...from gene chip technology
...to nuclear medicine and PET
We are both working with PET for more than 20 years at one of the leading centers in the world (our former head of the center got the Nobel prize 2008) and
like to provide some general and specific information
The diagnosis of a malignant lesion is generally based on morphologic methods like ultrasound, computed tomography (CT), magnetic resonance imaging (MRI) or conventional radiology. All these methods provide morphologic information, which can be used to describe a lesion according to size, location, infiltration etc. Besides morphological procedures, functional methods are finding increasing attention to obtain information about biochemical (some name it " molecular") aspects of a tumor. These methods are primarily based on nuclear medicine procedures. In contrast to the conventional nuclear methods, PET is based on the annihilation of positrons, emitted by beta + Isotopes.
The PET method provides a superior resolution and enables the use of ´physiologic´ tracers. PET can be used in oncology to obtain information about specific biological properties of a lesion. Perfusion tracers like O-15-water provide information about tumor blood flow, radiolabelled amino acids gave quantitative information about the amino acid transport, tracers involved in cell proliferation can be used to assess tumor growth. Generally nuclear medicine is not confined to just a few tracers. Even cytostatic drugs like fluorouracil (FU), widely used for metastatic colorectal cancer, can be labelled with F-18 and the quantitative assessment of the pharmacokinetics of F-18-FU can help to predict the individual therapeutic result in patients receiving chemotherapy based on FU.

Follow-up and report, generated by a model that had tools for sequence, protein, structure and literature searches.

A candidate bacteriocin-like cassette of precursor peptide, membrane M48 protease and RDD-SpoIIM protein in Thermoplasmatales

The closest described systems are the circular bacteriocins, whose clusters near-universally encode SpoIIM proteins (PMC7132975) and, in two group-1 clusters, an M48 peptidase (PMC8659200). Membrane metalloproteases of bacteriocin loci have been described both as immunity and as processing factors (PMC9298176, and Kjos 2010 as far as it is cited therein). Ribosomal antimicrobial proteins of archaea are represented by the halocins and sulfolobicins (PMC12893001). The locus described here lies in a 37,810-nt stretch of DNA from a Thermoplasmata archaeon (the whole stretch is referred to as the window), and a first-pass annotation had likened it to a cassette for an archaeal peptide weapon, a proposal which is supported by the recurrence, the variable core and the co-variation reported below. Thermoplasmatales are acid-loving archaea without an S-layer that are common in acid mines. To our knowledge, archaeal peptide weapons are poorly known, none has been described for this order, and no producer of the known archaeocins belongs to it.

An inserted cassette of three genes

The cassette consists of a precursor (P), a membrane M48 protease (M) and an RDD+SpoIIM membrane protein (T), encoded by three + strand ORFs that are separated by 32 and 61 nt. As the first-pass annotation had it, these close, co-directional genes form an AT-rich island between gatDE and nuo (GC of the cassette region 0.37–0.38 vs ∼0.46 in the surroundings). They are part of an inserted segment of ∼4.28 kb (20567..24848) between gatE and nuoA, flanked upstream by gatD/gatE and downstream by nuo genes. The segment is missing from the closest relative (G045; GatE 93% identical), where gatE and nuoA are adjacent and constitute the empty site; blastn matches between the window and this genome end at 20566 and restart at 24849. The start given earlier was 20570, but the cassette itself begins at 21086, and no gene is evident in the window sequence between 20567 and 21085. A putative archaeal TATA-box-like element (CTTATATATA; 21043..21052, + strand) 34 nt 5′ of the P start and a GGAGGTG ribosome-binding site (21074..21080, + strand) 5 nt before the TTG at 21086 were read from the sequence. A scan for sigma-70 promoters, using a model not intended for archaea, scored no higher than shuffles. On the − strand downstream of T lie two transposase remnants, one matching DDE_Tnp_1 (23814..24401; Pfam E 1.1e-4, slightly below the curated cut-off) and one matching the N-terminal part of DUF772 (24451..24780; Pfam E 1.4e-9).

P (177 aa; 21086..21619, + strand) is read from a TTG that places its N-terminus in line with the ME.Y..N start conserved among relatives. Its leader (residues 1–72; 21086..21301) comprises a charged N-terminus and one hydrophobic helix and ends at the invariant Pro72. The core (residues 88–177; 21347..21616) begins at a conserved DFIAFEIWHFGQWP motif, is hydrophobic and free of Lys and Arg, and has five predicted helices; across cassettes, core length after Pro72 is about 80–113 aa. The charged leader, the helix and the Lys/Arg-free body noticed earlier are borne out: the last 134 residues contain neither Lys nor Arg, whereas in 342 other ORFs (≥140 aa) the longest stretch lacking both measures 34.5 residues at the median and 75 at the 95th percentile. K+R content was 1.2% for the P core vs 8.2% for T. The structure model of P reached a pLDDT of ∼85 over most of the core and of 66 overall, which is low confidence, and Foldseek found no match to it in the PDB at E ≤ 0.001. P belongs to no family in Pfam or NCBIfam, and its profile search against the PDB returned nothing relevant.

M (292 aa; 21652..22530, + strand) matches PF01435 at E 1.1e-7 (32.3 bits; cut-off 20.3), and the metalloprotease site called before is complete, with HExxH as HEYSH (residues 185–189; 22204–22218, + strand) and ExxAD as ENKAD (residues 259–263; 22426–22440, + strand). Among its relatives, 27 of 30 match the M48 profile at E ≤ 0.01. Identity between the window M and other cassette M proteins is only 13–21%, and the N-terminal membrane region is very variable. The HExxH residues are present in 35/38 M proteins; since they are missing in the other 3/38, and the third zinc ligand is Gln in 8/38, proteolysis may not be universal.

Recently results obtained with gene chip technology are used to search for new possible targets for radiopharmaceuticals. We noted in patients with colorectal cancer and some other tumors a higher expression of the gastrin-releasing peptide receptor (GRPR, see arrow at the gene chip displayed upper left). Bombesin, a small peptide, is known to bind to GRPR, neuromedin and the bombesin receptor. Therefore, based on the gene chip data, Ga-68-bombesin was used to enhance the specificity of PET in oncological patients (image upper right). The example shows, how different technologies can be combined to design new radiopharmaceuticals to enhance tumor diagnostics as well as therapy management.
ATT: We are sorry but we had to remove the links to the individual papers due to copyright aspects. We will try to provide information about the topics without using the published papers. Please contact us for any questions.